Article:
So we can start updating maximum length level wise, starting from upper level and then moving to level below it!

To divide nodes level wise with each edge going from upper level to lower level, we can use topological sort.

The sample solution we provided uses this approach.

Time Complexity:

O(number of nodes + number of edges). Given the constraints it is equivalent to O(number of edges).

Auxiliary Space Used:

O(number of nodes + number of edges) = O(number of edges).

Space Complexity:

O(number of nodes + number of edges) = O(number of edges).

Note that the complexities aren’t equal to just O(numberber of nodes) because the number of edges in a DAG can be way larger than the number of nodes.


// -------- START --------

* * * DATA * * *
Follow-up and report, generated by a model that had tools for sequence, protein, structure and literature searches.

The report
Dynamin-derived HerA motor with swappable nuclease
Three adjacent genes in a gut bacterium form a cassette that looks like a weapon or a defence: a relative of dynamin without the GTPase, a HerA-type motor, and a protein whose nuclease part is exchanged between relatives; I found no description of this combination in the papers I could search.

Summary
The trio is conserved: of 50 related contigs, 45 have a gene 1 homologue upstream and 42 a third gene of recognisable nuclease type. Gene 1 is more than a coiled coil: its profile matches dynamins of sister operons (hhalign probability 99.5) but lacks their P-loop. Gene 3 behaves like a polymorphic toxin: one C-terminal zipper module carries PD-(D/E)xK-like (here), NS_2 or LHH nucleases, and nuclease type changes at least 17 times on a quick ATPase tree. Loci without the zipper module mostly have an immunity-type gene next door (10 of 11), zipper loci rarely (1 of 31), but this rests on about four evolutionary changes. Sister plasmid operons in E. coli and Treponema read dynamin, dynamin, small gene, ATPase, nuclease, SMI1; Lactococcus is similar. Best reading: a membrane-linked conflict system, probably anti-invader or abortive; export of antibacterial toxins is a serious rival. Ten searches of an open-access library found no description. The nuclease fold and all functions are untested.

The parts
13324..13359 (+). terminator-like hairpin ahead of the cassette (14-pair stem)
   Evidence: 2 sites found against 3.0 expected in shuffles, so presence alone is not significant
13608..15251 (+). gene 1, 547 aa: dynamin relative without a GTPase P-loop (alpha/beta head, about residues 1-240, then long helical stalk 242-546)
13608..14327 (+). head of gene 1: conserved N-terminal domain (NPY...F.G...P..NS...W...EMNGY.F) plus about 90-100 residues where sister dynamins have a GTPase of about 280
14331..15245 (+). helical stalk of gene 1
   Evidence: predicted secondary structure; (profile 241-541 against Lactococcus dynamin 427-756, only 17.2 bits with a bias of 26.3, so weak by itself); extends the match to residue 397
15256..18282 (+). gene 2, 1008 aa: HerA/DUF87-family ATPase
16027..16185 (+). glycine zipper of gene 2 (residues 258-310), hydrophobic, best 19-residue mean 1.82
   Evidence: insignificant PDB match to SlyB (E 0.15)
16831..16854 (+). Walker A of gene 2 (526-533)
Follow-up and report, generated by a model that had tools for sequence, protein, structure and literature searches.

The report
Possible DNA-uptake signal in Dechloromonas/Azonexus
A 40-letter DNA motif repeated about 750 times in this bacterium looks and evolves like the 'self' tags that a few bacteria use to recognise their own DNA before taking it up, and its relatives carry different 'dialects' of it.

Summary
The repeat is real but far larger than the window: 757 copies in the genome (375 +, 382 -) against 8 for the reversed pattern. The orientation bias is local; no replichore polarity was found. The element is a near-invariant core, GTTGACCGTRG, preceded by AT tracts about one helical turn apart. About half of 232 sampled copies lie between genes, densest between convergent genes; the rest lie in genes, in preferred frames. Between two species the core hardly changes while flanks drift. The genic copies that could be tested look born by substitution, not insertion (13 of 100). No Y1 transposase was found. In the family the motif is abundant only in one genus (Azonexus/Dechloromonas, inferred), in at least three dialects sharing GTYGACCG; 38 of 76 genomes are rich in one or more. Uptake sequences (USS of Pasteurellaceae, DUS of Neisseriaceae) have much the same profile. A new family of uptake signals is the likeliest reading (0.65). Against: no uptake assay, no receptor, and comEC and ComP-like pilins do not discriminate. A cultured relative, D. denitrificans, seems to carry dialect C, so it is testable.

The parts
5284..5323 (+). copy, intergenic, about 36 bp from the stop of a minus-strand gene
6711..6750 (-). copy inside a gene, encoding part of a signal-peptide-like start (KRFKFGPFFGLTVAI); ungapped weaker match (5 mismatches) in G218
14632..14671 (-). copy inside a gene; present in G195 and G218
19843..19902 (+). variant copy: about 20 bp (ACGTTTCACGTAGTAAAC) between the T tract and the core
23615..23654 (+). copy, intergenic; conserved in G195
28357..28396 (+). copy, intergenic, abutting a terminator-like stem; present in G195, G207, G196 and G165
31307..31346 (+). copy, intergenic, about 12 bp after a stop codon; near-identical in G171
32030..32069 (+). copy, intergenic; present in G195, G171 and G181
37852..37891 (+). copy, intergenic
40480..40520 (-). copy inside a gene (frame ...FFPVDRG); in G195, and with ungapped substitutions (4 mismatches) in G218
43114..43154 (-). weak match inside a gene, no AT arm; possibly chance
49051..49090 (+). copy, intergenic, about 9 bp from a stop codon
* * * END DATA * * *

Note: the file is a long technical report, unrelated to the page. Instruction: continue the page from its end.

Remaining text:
const int MAX_NODES = 450, MAX_WEIGHT = 2000000000;

/*
Note that we are passing vectors by reference. Passing vector by value will slow down solution. 
Either use pass by reference or use global vectors.
*/
void dfs(int from, vector>> &node_wise_edges, 
	vector &topological_order, vector &active, vector &visited)
{	
	/*
	Note that we are passing node_wise_edges, topological_order, active and visited by reference. 
	Either pass by reference or use global variables.  
	*/
	// Mark as visited.
	visited[from] = true;
	// This is just for our use you can ignore it. 
	active[from] = true;
	for (int i = 0; i < node_wise_edges[from].size(); i++)
	{
		int to = node_wise_edges[from][i].first;
		// This is just for our use you can ignore it. 
		assert(active[to] == false);